Ornsay (Eilean Sionnach)
In 1853 the Commissioners' Engineer David Stevenson, who had succeeded his brother Alan in February, prepared a list of 45 possible sites thought desirable to complete a system of lights for the coasts of Scotland. The board named eight which ought to be given priority - Sound of Islay (at or near Port Askaig), Sound of Mull (at or near Tobermory), the north and south entrances to the sounds between Skye and the mainland (Rona and Ornsay), the coast of Sutherland (at or near Stoer Head or Rubh' Re), Holborn Head near Thurso, Cantick Head or Switha in Orkney, and Bressay at the south entrance to Lerwick harbour.
Rubha na Gall (Sound of Mull), Ornsay, Kyleakin, Rona and Ushenish were all lighted on 10 November 1857. For the first three, in the narrow sounds of the west coast, Thomas Stevenson devised a new "condensing" apparatus by which the light shown in different directions varied in strength according to the distance from which it was required to be seen. This was in fact one of a series of improvements in the dioptric system introduced by Thomas, some of which were shown in the Great Exhibition of 1851. (Source "Scottish Lighthouses")
Ornsay light was automated in 1962 and in 1966 Gavin Maxwell Enterprises Ltd, of "Ring of Bright Water" fame, bought the cottages at Ornsay and those at Kyleakin. He was drawn to them as he enjoyed planning and converting houses and he thought they had commercial possibilities. The Ornsay cottage had four bedrooms and a 27-foot sitting room which looked up the Sound of Sleat to the north-east. Conversion and furnishing costs were in excess of £5,000 each. With good fishing and sailing each cottage was to rent at 50 guineas a week.
The Optic System is a 300mm Acrylic lens with a 250 watt tungsten lamp controlled by an electronic flasher. The lamp is mounted on a lamp changer with standby lamp available to rotate into position in event of a lamp failure.In event of a Main Optic failure, a single Emergency Lantern, mounted within the lightroom, is automatically selected. This is also a 300mm lantern but with only a 60 watt lamp and multi place lampchanger, giving a range of 10 miles. As the main optic is only available when mains power is present, any supply outage also causes selection of the emergency light. This site has battery backup for fourteen days operation of the emergency light. The light is currently unmonitored and relies on the observer to report any problems to Northern Lighthouse Boards headquarters in Edinburgh. The light was modernised in 1988 when mains power was installed to replace the gas system. Description Widely acknowledged as one of the most beautiful tidal islands in Western Scotland, the island provides good shelter to a natural harbour which is overlooked by the village of Isleornsay. The "Ornsay" lighthouse stands on the neighbouring islet, Eilean Sionnach. Lighthouse It was built in 1857 on project by Thomas and David Stevenson; it is a masonry tower with gallery, lantern and keeper’s house. The apparatus installed entered in service on 10 November 1857, it was improved in the lenses system in order to show the light strength according to the distance to be shown. The lighthouse is equipped with a battery backup for fourteen days to keep working the emergency light; it was modernized in 1988 when mains power was installed. The lighthouse emits an white occulting light every 8 seconds and was automated in 1962.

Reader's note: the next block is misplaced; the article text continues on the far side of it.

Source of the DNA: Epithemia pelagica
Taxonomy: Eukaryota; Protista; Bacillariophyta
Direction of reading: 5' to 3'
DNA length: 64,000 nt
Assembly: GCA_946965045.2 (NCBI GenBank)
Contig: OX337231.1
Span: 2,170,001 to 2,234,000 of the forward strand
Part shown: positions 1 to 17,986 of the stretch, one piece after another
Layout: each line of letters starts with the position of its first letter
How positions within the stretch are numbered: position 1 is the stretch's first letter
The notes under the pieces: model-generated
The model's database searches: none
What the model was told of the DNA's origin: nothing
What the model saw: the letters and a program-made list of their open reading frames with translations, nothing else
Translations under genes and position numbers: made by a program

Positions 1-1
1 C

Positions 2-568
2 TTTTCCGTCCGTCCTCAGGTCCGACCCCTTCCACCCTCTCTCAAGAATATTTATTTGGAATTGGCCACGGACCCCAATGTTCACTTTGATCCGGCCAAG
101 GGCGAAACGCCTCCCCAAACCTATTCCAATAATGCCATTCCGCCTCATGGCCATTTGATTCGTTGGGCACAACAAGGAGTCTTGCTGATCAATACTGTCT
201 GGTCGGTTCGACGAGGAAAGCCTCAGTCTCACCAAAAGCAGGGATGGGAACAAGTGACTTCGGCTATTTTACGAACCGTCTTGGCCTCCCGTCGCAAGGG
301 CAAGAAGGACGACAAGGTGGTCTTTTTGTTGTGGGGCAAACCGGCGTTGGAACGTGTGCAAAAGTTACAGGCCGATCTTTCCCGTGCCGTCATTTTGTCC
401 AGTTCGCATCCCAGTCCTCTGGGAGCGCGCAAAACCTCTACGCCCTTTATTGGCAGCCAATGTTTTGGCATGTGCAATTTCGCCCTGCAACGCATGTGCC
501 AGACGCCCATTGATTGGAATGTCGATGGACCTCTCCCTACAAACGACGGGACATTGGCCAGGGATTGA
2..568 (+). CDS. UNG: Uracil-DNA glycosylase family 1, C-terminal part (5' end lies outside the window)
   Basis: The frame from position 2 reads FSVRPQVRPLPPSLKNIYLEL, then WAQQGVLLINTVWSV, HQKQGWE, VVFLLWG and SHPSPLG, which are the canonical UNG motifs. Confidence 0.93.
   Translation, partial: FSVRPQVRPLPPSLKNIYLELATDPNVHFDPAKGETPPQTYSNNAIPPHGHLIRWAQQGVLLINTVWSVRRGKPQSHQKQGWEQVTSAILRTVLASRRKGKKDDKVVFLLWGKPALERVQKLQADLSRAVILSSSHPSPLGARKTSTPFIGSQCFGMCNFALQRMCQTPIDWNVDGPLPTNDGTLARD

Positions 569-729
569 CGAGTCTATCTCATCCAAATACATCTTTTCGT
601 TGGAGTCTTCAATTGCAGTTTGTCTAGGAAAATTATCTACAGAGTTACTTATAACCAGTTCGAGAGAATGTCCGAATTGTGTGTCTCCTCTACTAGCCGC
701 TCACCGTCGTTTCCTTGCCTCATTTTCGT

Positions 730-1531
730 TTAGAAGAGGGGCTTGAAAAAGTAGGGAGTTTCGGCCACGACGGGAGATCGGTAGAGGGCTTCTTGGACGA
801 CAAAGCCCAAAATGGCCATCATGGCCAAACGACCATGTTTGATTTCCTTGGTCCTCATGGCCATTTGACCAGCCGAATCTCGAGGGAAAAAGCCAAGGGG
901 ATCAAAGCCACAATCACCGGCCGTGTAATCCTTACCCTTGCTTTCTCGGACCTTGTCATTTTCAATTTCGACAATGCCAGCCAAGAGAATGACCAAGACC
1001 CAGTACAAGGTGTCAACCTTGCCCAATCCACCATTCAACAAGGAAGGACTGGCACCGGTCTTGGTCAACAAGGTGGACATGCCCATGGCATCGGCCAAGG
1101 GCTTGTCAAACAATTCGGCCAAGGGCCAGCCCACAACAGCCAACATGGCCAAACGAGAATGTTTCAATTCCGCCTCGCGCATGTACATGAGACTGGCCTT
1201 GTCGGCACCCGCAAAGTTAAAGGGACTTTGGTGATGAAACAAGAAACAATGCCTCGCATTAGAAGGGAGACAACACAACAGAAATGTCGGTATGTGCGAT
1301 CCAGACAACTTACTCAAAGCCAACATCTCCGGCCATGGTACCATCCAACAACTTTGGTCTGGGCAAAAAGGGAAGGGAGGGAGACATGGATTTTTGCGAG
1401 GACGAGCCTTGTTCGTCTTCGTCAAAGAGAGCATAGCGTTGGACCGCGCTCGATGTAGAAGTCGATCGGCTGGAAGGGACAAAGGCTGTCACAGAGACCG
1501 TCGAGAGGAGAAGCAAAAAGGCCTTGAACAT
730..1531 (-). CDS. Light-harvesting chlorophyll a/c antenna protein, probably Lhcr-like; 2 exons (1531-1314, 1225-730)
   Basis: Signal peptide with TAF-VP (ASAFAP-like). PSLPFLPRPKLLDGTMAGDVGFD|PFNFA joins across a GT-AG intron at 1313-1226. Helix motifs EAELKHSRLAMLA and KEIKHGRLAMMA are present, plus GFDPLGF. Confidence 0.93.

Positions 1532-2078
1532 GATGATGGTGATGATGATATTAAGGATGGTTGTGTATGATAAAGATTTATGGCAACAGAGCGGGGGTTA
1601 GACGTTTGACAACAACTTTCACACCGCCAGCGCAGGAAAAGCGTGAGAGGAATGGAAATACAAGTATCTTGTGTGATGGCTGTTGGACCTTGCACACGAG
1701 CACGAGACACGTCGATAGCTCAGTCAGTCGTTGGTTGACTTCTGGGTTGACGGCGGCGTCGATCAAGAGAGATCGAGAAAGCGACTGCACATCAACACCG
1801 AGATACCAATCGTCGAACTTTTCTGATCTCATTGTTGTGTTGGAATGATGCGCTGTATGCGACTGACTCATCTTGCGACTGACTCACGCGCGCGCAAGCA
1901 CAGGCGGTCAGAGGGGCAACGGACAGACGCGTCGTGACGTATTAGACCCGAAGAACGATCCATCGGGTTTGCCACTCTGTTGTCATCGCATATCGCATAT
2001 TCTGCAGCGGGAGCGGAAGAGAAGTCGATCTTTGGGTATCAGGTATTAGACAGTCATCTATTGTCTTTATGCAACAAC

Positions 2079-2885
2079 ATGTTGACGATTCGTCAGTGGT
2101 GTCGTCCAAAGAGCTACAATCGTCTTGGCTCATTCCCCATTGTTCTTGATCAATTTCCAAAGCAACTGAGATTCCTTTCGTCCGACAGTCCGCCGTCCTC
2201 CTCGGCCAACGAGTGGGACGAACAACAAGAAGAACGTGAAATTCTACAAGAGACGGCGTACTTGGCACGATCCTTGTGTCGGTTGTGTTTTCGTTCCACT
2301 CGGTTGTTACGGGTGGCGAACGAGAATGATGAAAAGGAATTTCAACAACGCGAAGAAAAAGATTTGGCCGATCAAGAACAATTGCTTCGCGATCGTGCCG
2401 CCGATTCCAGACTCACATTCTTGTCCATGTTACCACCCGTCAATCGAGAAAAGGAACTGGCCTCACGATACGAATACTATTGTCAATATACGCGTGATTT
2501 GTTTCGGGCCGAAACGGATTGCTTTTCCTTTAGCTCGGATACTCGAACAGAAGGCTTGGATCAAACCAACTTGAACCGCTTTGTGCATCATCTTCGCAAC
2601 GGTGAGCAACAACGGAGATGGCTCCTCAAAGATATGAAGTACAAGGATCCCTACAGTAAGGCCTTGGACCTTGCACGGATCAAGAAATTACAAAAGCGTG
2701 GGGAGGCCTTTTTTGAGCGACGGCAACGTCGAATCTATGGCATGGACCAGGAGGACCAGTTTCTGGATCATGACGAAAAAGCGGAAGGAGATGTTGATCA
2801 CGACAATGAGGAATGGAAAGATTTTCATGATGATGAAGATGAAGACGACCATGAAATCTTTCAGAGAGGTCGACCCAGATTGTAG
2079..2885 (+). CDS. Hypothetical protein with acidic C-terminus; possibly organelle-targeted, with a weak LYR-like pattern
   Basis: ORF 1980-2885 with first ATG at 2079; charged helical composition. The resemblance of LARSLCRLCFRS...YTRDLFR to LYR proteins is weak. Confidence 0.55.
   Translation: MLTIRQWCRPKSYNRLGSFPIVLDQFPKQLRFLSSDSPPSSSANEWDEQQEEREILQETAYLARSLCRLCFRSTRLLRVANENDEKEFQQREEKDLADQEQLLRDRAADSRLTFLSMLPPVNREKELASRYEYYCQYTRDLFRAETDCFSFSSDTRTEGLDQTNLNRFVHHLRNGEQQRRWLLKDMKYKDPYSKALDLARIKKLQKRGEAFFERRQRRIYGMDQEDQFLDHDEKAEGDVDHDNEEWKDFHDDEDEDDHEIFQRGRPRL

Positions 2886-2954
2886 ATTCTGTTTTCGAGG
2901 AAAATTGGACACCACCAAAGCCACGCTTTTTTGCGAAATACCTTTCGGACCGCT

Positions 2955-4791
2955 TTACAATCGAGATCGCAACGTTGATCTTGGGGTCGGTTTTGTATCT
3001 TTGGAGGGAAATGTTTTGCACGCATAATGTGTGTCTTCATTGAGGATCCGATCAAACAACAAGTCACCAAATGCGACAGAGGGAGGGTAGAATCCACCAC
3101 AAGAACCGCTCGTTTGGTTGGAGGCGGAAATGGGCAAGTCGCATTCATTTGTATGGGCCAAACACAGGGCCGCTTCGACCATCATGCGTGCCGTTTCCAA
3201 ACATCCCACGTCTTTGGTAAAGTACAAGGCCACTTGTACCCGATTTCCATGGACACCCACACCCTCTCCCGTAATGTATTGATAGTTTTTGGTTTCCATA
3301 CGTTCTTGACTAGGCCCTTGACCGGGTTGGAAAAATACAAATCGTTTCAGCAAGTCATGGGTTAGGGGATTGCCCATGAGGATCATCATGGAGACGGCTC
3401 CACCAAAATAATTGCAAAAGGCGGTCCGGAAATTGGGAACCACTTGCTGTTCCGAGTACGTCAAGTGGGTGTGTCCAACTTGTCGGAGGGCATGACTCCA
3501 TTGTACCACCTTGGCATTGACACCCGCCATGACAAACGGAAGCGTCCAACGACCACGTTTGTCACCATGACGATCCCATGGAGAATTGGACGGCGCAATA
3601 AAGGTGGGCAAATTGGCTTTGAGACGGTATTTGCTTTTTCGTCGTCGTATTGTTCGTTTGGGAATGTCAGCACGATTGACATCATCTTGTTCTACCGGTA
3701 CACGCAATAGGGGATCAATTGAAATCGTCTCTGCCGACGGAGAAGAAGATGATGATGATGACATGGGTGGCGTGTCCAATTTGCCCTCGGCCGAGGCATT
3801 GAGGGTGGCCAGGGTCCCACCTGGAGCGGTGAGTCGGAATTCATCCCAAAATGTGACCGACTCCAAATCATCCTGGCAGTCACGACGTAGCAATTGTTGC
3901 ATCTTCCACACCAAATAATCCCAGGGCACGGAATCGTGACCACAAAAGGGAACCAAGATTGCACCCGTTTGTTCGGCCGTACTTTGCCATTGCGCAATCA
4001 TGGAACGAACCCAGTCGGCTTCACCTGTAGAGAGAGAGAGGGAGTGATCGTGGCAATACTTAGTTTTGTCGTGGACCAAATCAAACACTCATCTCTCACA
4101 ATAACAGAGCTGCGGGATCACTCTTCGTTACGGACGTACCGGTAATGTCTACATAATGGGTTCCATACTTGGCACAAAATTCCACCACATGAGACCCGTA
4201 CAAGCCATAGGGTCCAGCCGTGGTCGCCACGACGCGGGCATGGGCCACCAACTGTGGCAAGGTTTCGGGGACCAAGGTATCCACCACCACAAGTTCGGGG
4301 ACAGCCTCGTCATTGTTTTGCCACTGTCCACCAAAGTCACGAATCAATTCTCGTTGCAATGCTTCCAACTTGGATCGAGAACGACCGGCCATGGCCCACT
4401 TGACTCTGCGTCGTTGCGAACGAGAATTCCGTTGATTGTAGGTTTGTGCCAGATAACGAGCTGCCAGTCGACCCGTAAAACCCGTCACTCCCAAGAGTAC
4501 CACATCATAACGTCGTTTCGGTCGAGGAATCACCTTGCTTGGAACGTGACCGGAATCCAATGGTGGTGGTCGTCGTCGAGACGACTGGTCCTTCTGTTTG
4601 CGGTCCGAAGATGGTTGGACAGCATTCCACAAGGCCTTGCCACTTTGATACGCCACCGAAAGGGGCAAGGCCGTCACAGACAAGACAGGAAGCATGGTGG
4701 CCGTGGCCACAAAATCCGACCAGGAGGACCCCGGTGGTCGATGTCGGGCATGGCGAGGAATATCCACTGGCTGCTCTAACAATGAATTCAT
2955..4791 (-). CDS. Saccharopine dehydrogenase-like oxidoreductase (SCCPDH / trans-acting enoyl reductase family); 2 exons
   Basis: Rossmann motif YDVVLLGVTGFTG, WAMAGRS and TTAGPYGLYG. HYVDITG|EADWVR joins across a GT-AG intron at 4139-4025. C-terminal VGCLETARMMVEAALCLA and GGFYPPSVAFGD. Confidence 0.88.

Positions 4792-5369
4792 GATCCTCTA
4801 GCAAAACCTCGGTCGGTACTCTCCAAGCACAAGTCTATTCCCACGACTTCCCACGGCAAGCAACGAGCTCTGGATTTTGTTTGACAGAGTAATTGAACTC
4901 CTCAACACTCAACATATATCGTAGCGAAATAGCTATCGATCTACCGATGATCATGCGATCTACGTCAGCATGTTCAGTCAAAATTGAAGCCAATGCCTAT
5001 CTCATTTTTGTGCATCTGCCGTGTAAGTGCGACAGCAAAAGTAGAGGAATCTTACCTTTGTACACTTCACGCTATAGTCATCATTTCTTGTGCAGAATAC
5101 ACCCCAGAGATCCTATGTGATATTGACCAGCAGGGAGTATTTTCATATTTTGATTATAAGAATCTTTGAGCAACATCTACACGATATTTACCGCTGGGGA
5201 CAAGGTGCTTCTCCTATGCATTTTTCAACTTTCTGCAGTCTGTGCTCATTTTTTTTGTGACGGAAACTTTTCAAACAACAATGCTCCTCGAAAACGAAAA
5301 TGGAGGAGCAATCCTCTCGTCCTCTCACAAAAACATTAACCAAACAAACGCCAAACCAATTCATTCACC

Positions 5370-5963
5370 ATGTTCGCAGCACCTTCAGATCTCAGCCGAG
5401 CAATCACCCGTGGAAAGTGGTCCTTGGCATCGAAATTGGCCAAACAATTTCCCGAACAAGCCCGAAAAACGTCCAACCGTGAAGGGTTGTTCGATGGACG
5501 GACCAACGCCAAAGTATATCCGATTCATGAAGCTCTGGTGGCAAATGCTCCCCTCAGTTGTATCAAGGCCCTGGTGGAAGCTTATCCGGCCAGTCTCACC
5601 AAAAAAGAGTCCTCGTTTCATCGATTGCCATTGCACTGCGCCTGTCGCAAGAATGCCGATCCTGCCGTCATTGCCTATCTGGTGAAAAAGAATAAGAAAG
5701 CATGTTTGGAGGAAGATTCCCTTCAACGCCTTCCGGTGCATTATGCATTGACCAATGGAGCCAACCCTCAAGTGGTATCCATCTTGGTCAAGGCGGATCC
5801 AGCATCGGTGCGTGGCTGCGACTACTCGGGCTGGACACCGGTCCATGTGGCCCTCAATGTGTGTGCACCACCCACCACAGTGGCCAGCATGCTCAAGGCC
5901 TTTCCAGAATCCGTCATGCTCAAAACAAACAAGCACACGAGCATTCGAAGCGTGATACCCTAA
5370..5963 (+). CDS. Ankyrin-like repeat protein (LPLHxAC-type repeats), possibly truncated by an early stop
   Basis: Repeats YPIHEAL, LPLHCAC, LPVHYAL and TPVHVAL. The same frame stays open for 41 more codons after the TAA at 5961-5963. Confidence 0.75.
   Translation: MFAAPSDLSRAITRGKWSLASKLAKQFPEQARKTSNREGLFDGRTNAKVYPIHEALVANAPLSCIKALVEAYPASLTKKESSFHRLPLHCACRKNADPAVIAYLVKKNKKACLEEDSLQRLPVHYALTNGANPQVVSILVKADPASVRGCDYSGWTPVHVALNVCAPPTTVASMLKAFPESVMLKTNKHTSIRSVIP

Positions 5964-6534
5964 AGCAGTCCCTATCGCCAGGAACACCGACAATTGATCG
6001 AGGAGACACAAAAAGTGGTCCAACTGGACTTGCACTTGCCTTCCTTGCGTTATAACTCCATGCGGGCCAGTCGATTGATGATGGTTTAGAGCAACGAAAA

Character: Oc W 8s 18m 12M
(lt. 6.0s - ec. 2.0s)
|Engineer||David Lillie Stevenson (1815-1886)|
|Thomas Stevenson (1818-1887)|
|Lat, Lon||57°08.606' N, 05°46.866' W|
|Established||10 November 1857|
|Character||Occulting White every 8 secs.|
|Range||28 km / 15 nM|
|Elevation||18 meters above sea level|
|Authority||Northern Lighthouse Board|
|Remarks||Cat.B listed - nr: 14008 - 08/09/1982|